Gut and Liver 2008; 2(3): 209-212 https://doi.org/10.5009/gnl.2008.2.3.209 Submerging Endoscopic Submucosal Dissection Leads to Successful En Bloc Resection of Colonic Laterally Spreading Tumor with Submucosal Fat
Author Information
Satoshi Ono, Mitsuhiro Fujishiro, Osamu Goto, Shinya Kodashima, and Masao Omata
Department of Gastroenterology, Graduate School of Medicine, University of Tokyo, Tokyo, Japan

Mitsuhiro Fujishiro
© The Korean Society of Gastroenterology, the Korean Society of Gastrointestinal Endoscopy, the Korean Society of Neurogastroenterology and Motility, Korean College of Helicobacter and Upper Gastrointestinal Research, Korean Association the Study of Intestinal Diseases, the Korean Association for the Study of the Liver, Korean Pancreatobiliary Association, and Korean Society of Gastrointestinal Cancer. All rights reserved.

Abstract
A 72-year-old female with a colonic laterally spreading tumor (LST) was referred to our department. A total colonoscopy revealed a large nongranular LST, 30 mm in diameter, in the ascending colon. Detailed examination with chromoendoscopy confirmed that the lesion was an intramucosal tumor, and endoscopic submucosal dissection (ESD) was performed. After a circumferential incision around the lifted lesion with a submucosal fluid cushion, diffuse adipose tissue was observed in the submucosal layer beneath the lesion. The endoscopic view was blurred when dissecting the submucosal layer due to fat adhering to the lens. Since this made it difficult to continue the procedures, we infused water into the lumen and kept the endoscope tip immersed in the collected water. The resulting improved view made it possible to complete all procedures without withdrawing the endoscope to wipe the lens. The lesion was successfully resected en bloc without complications. The pathological examination indicated the curative resection of a tubulovillous adenoma. We propose that a submerged ESD could also be an effective procedure for colonic neoplasms with submucosal fat by avoiding blurring of the endoscopic view. (Gut and Liver 2008;2:209-212)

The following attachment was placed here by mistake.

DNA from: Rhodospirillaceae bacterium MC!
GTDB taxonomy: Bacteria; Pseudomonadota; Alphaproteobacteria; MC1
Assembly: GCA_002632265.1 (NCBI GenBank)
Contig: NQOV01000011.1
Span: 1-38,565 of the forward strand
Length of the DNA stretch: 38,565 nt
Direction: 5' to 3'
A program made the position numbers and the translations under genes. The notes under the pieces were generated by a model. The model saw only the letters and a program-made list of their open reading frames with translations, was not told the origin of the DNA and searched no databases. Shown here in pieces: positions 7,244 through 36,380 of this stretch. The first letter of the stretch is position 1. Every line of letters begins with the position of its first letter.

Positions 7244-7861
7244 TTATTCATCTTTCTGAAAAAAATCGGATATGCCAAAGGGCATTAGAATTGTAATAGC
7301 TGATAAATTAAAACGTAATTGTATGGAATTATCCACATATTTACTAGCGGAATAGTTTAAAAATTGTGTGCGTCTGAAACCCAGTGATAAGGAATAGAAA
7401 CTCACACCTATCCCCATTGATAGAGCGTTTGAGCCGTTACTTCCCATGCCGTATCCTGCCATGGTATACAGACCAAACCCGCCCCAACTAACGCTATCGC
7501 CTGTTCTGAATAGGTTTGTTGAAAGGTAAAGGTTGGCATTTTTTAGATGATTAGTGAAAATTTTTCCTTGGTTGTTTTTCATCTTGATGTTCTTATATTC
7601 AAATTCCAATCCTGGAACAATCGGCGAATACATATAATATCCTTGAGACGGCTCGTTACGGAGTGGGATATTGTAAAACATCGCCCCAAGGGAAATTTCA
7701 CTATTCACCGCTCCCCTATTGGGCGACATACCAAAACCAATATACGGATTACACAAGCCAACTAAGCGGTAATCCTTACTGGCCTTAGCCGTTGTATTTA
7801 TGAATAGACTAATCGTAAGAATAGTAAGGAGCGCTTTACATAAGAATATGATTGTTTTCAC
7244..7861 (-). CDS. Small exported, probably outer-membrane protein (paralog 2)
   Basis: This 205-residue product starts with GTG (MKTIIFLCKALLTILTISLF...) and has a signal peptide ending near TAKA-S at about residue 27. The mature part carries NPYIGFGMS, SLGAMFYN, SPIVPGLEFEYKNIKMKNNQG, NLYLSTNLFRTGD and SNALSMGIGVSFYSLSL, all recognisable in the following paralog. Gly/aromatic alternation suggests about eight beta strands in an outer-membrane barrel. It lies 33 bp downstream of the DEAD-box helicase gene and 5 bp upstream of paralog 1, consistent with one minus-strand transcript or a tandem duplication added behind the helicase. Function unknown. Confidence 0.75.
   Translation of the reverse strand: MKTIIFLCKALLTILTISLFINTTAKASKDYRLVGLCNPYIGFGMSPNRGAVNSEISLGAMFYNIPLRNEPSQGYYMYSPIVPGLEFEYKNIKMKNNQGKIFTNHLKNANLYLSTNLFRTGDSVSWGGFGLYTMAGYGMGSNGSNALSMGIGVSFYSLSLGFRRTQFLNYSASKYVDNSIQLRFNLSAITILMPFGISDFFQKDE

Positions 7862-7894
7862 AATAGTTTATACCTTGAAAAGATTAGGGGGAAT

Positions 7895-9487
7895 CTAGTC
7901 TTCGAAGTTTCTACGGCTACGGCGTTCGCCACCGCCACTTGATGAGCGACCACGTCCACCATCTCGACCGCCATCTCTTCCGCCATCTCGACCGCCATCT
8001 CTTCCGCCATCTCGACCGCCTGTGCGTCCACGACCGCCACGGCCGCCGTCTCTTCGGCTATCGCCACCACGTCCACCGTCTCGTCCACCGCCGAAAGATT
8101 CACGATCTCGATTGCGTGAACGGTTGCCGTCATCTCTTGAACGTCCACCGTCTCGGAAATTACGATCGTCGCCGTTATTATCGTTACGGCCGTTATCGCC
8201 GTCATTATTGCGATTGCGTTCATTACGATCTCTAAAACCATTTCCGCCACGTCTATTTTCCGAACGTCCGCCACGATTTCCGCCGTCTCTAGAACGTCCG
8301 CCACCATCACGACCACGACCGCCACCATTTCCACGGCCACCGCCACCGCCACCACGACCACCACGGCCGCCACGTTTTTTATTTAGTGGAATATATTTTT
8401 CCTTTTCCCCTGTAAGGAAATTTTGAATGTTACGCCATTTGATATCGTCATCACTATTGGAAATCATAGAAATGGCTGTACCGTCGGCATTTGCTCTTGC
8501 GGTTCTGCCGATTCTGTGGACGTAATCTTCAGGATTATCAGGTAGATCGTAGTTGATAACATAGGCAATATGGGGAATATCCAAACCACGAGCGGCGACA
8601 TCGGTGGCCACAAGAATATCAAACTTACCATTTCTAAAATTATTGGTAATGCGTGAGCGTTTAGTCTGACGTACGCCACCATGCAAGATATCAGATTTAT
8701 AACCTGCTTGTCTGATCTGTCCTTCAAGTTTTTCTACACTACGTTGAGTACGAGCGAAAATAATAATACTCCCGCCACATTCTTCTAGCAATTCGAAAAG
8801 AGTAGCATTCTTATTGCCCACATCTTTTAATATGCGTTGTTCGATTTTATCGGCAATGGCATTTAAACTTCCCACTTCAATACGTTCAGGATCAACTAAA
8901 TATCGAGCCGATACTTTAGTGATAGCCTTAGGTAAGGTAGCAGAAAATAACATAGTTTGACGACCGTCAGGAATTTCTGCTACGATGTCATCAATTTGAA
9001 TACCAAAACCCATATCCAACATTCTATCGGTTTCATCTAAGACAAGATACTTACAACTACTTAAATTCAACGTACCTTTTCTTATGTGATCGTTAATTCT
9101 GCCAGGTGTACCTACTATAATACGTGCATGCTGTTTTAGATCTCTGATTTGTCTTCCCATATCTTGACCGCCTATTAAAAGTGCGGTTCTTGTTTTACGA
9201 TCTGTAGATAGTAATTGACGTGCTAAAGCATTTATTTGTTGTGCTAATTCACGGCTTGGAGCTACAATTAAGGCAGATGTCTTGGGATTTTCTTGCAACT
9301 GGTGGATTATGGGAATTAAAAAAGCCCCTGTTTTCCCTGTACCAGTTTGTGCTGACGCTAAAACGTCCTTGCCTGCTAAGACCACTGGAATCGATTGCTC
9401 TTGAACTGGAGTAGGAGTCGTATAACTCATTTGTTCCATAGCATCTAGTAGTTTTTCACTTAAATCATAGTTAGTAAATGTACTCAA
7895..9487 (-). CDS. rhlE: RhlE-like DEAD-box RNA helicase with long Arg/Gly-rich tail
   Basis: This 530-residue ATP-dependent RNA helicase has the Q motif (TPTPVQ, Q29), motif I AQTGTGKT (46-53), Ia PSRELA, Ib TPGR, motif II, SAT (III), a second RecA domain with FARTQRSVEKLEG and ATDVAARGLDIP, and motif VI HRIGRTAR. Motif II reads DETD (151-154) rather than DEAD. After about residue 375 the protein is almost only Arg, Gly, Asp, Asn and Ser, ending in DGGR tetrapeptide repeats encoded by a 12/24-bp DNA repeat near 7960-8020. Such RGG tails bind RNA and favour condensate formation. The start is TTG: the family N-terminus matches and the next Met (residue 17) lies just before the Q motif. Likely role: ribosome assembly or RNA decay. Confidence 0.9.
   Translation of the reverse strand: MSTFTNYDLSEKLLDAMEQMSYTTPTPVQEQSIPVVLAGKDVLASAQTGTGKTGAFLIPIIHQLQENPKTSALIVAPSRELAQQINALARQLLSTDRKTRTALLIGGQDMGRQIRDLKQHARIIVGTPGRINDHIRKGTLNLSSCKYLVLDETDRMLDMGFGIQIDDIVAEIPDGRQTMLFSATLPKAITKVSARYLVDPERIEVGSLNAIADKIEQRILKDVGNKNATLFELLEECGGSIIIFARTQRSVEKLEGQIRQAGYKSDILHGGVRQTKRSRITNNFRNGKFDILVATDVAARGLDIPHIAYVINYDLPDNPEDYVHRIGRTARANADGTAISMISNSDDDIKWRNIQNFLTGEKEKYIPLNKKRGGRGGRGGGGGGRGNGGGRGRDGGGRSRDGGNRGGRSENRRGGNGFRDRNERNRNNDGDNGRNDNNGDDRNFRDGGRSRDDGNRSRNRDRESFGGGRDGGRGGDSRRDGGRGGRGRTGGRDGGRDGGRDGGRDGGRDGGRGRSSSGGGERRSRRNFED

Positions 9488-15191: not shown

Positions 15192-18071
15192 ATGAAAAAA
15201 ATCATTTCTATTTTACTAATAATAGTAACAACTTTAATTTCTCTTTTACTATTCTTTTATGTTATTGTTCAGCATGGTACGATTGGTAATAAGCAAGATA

Keywords: Colonoscopy; Colonic neoplasms; Submucosa; Resection; Adipose tissue
Abstract
A 72-year-old female with a colonic laterally spreading tumor (LST) was referred to our department. A total colonoscopy revealed a large nongranular LST, 30 mm in diameter, in the ascending colon. Detailed examination with chromoendoscopy confirmed that the lesion was an intramucosal tumor, and endoscopic submucosal dissection (ESD) was performed. After a circumferential incision around the lifted lesion with a submucosal fluid cushion, diffuse adipose tissue was observed in the submucosal layer beneath the lesion. The endoscopic view was blurred when dissecting the submucosal layer due to fat adhering to the lens. Since this made it difficult to continue the procedures, we infused water into the lumen and kept the endoscope tip immersed in the collected water. The resulting improved view made it possible to complete all procedures without withdrawing the endoscope to wipe the lens. The lesion was successfully resected en bloc without complications. The pathological examination indicated the curative resection of a tubulovillous adenoma. We propose that a submerged ESD could also be an effective procedure for colonic neoplasms with submucosal fat by avoiding blurring of the endoscopic view. (Gut and Liver 2008;2:209-212)
Keywords: Colonoscopy; Colonic neoplasms; Submucosa; Resection; Adipose tissue
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